The case for digital assistants in ATM – Proposal for a framework to build AI tools that humans can engage with

David Perez

2022-06-20 10:58:37
Reading Time: 6 minutes

For several years now, we have championed digital assistants for ATC—in fact, we presented our first version of Victor5 last October 2021 during the World ATM Congress. We first heard somebody referring to “AI-powered digital assistants” at the SESAR Innovation Days 2020, when Marc Baumgartner mentioned the concept in his keynote speech (together with many other interesting ideas). We are presenting our next version of Victor5 at the World ATM Congress 2022 this week and we are very excited about all the functionalities that we are building into our digital air traffic control twin (Level5) that runs on our powerful MLOps architecture (BeSt).

In the meantime, we also have been working on putting together a framework that addresses the human factors challenges of incorporating AI in digital assistants. In order to do this, we needed to collaborate on a significant ad-hoc project with the top institutions in Europe working on AI and Human Factors, engaging both users and authorities. We are very happy to present SafeTeam, a collaborative project recently approved as the top-ranked evaluated proposal in one of the latest Horizon Europe calls. The project will run from September 2022 for three years and will leverage all the work that we have done in the last several years, together with the great expertise of this leading team in AI and HF.

We are very happy to be leading this interesting area in ATC and we are looking forward to building the necessary tools for the introduction of AI in ATM in the coming years. As an introduction, we would like to explain what we mean by AI-assistance tools and Human Factors framework that can take AI into operations.

In 1951, the psychologist Paul Fitts proposed a distribution of tasks between humans and machines, distinguishing the strengths of each. The Fitts list, known as HABA-MABA (Humans Are Better At vs. Machines Are Better At) was visionary in outlining the human factors in the research into automation; it emphasised concepts like explainability (or knowledge of automation logic), trust, levels of automation (adaptive vs. adaptable control) and transition, human in the loop and automation surprise (Sheridan, 2002, 2014). The Fitts list remains a valid guide to understanding the collective transition to automation over the past 70 years—which, put into consideration, has been a truly remarkable pace of adaptation (de Winter, 2014).

The same year that Fitts developed his list, the first working AI system ran a checkers-playing program and a chess-playing program from a computer at the University of Manchester. Five years later, in 1956, the field of AI research was founded at a workshop held on the campus of Dartmouth College (Dartmouth Summer Research Project on Artificial Intelligence, 1956). However, since these pivotal projects and the establishment of AI research, automation of industry applications has taken longer to develop.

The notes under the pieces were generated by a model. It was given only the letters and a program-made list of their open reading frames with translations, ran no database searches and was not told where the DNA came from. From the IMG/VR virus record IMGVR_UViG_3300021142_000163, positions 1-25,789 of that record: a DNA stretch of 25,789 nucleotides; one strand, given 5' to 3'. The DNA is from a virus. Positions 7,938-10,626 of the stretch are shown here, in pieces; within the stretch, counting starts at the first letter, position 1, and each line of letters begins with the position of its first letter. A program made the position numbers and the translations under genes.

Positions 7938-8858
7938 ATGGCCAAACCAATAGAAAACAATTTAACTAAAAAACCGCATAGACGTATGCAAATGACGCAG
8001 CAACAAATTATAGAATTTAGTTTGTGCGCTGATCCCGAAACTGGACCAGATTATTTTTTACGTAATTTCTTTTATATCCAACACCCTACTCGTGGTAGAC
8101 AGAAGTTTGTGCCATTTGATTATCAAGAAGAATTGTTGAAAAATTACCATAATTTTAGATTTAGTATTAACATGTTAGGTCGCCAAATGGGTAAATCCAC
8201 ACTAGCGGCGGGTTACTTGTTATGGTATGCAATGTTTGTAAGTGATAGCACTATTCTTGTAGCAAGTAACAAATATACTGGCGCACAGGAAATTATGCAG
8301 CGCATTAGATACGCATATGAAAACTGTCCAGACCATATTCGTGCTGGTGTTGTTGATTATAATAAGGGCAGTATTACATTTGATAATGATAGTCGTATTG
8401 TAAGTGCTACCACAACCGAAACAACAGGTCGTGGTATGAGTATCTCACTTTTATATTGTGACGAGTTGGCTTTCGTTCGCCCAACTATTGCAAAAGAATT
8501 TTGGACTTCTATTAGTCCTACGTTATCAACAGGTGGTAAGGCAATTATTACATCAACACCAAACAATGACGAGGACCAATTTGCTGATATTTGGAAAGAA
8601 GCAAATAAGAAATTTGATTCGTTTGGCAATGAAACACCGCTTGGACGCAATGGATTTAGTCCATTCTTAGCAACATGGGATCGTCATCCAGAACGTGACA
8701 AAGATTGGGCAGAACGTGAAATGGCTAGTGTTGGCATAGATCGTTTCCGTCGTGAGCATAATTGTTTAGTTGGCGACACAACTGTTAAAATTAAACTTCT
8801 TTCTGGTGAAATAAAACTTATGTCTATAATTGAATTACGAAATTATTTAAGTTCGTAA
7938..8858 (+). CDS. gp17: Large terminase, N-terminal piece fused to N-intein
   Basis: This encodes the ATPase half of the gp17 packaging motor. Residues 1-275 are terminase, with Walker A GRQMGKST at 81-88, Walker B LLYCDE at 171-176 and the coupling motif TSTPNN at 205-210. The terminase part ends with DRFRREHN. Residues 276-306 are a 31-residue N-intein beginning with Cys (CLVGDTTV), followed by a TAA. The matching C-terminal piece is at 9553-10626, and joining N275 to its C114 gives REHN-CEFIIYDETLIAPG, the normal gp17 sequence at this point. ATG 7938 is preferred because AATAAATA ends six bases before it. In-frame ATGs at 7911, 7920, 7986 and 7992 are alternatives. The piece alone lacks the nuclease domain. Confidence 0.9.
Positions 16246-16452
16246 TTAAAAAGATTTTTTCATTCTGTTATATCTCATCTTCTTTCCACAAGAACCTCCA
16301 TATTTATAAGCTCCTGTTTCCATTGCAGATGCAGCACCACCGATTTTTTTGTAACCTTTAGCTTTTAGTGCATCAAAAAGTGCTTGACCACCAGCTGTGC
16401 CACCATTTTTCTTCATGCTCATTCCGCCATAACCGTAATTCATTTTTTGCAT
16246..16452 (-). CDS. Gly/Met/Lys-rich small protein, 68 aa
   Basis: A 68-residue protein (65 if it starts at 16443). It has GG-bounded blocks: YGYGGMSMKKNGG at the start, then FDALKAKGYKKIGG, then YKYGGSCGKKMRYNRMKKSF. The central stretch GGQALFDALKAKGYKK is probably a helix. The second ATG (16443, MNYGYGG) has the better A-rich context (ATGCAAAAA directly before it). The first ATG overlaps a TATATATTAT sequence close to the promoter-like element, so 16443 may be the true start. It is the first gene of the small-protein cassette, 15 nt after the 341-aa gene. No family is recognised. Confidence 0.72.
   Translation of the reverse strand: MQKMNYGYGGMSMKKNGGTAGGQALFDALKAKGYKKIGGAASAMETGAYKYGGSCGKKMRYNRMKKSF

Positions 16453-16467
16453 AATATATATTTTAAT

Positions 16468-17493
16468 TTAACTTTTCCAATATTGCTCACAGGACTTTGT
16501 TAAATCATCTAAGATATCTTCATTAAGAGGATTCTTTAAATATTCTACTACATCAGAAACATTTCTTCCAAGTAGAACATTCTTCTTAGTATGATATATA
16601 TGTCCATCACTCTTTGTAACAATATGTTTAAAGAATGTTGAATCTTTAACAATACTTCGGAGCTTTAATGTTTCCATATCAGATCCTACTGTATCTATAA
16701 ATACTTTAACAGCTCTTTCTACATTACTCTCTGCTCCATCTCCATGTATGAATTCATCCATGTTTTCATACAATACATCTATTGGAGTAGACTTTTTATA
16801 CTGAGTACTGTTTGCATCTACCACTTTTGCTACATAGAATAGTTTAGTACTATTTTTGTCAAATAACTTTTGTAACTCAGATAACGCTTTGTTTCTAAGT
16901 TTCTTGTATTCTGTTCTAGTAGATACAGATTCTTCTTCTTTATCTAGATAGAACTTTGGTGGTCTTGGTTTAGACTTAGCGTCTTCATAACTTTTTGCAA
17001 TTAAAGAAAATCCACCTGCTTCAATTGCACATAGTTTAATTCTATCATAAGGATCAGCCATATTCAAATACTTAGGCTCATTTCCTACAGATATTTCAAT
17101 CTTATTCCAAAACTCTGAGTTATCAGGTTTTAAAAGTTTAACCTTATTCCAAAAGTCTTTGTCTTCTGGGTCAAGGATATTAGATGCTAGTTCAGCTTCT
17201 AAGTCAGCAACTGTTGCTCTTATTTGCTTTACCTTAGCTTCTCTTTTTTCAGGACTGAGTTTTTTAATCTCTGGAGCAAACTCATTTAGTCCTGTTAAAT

In the last three decades, techniques based on training algorithms with historical datasets have achieved unprecedented improvement. The combination of new techniques with the increase in computer power and availability of scalable storage systems, along with the increase in complexity of aviation procedures and inherent safety requirements, has made us completely rethink workload and automation in aviation.

Today we are on the brink of a groundbreaking evolution in aviation—one that embraces AI and digitalisation. Big data and cloud computing have paved the way for the processing of massive historical datasets, and these same datasets can now train AI algorithms to support operational personnel, including aircraft crew and air traffic controllers, by identifying safety-critical scenarios and providing operators with the necessary assistance to act. Higher degrees of automation are, for the first time, being envisioned by the industry in the long term—full-automation concepts have even been proposed.

In the coming years, AI digital assistants will redefine workload and capacity in air traffic control operations, leading to a step change in automation and performance. Air Traffic Control Systems are on the brink of a groundbreaking evolution—one that embraces AI and digitalisation despite the constraints of current Controller Working Position technology.

Big data and cloud computing have paved the way for the processing of massive historical datasets, and these same datasets can now train AI algorithms to support air traffic controllers by confidently identifying conflicts and non-conflicting traffic. New AI decision support tools will provide controllers and supervisors alike with advance warning of complex traffic scenarios, proposing separation instructions that ensure safety and optimise aircraft trajectories whilst minimising capacity restrictions and emissions.